Posted by Brian Loring
Since this is our 10th harvest at Loring Wine Company, my sister, Kimberly, and I were recently reminiscing about the past. So many amazing things have happened during that time–things that dreams are made of. But there is also the memory of a particular event that isn’t so great. The one shared memory that causes most Pinot Noir growers and winemakers to cross themselves and mutter protective curses under their breath. The 2004 harvest–the source of all my (winemaking) childhood traumas.
In most normal years, we see fruit ripen at different times across the AVAs from which we source fruit. We also usually see separation between vineyards within an AVA. This works out nicely since it allows for a controlled, steady flow of fruit into the winery. By the time the later fruit arrives, the earlier fruit is already pressed and tucked away safely in barrel, allowing us to re-use fermenters and floor space. It also balances out the days so that we don’t have to work until midnight or later each night. Compressing the harvest into fewer days is never a fun thing.
2004 was the year of the never-ending heat spike. There’s always some kind of heat spell during the harvest season, but in 2004 it was not only severe in temperature (95-100 degrees), but it was also relentless in length (3 or so weeks). And it was California-wide.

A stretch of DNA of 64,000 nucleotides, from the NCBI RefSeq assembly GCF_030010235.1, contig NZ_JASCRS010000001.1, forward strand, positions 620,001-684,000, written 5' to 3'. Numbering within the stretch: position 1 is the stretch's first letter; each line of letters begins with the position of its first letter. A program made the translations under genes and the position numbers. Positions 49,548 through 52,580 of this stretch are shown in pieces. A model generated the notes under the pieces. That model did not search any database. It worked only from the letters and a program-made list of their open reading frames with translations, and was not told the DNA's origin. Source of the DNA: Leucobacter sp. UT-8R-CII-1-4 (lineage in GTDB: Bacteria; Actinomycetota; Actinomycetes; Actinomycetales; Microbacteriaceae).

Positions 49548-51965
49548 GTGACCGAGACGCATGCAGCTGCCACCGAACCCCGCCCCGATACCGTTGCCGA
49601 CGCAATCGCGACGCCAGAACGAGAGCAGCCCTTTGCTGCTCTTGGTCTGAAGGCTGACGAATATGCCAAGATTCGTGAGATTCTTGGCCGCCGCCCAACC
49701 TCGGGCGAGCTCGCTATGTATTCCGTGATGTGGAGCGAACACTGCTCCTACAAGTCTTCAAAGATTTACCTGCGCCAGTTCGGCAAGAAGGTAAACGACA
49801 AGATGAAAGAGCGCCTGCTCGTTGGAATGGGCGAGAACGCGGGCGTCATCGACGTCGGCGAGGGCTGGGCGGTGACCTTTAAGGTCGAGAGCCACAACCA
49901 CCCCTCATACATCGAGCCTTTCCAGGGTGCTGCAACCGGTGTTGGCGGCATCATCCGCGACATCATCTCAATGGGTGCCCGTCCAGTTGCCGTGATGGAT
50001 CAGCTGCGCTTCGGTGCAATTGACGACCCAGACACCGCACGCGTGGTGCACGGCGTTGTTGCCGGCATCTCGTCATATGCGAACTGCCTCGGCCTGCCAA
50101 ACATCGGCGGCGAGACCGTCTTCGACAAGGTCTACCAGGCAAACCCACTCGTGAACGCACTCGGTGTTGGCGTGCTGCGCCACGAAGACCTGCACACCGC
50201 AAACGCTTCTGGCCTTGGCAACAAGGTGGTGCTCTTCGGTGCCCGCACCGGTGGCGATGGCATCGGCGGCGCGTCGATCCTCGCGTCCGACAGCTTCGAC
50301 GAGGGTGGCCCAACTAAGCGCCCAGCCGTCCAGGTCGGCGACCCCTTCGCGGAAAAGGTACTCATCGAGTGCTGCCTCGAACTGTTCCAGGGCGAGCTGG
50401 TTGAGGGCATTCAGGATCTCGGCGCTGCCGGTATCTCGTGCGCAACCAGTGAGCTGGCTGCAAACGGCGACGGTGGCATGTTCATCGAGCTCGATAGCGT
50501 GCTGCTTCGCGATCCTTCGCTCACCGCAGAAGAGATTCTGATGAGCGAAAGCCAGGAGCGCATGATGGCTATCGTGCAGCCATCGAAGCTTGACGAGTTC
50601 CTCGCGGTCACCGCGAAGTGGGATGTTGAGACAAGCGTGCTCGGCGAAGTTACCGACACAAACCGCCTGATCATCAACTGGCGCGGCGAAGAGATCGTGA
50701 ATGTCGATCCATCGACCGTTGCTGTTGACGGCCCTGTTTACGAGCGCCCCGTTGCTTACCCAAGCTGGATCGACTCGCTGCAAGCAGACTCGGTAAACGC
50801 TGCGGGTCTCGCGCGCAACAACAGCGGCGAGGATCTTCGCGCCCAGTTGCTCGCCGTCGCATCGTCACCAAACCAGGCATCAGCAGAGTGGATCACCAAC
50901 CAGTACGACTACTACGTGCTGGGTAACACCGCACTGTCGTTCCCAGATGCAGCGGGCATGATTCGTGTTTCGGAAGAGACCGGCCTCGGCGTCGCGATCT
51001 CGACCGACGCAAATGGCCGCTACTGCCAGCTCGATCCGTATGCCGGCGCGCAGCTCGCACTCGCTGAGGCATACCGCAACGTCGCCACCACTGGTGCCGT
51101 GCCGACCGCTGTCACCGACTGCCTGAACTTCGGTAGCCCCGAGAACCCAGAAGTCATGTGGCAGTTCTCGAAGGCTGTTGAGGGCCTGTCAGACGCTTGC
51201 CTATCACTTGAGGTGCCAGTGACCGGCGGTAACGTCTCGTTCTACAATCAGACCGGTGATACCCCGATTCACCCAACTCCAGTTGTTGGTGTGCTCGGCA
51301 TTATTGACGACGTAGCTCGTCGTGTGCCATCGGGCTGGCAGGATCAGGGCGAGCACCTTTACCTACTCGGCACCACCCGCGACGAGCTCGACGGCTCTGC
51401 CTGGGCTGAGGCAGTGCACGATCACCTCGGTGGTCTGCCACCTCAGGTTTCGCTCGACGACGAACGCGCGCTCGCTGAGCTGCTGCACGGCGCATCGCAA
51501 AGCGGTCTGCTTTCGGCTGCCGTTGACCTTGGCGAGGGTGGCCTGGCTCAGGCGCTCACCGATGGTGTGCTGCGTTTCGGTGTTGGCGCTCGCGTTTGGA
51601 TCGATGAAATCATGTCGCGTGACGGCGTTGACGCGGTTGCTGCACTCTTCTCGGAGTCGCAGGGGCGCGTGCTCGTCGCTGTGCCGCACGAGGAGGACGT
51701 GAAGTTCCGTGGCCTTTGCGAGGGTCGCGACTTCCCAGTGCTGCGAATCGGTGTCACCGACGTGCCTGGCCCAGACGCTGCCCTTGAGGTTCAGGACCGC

Sugar levels in the grapes started to soar, and we ended up picking almost the entire harvest within a week. It seemed like there was an endless stream of trucks with fruit showing up at the winery. We’d barely catch up and another truckload would appear. We had to let fruit sit in our refrigerated truck for sometimes as long as two days while we tried to catch up. We ran out of fermenters and started crushing into picking bins. We had no space, and we basically never slept. I’m not sure how we made it through that year. Not that our story is unique; it’s the kind of thing you’ll hear from every Pinot producer when you mention 2004. And you might notice a slight twitch as they recount the tale.
So why am I’m focusing on 2004? Because 2008 is looking to be a lot like that harvest. We’ve had a prolonged heat wave across the state, and most of our vineyards are poised to come ripe at the same time. Another nudge from Mother Nature, and we’ll be off to the races like 2004. The similarity to 2004 made me look back at the Harvest Blog I did on WineSpectator.com that year. The thought of trying go through that again in a place the size of our old winery makes me doubly thankful we’re in our new winery this year. Now, if only I had a new (younger) body to match.
Check out www.PinotHarvest.com for more harvest updates from me and fellow Pinot producers. And see my crush videos.
Eric Hall — San Francisco, CA — September 5, 2008 11:01am ET
Apj Powers — Dallas, TX — September 5, 2008 11:17am ET
Brian Loring — Lompoc, CA — September 5, 2008 12:52pm ET
Douglas Mossman Iii — Maui, — September 6, 2008 7:43pm ET
Brian Loring — Lompoc, CA — September 8, 2008 12:33pm ET
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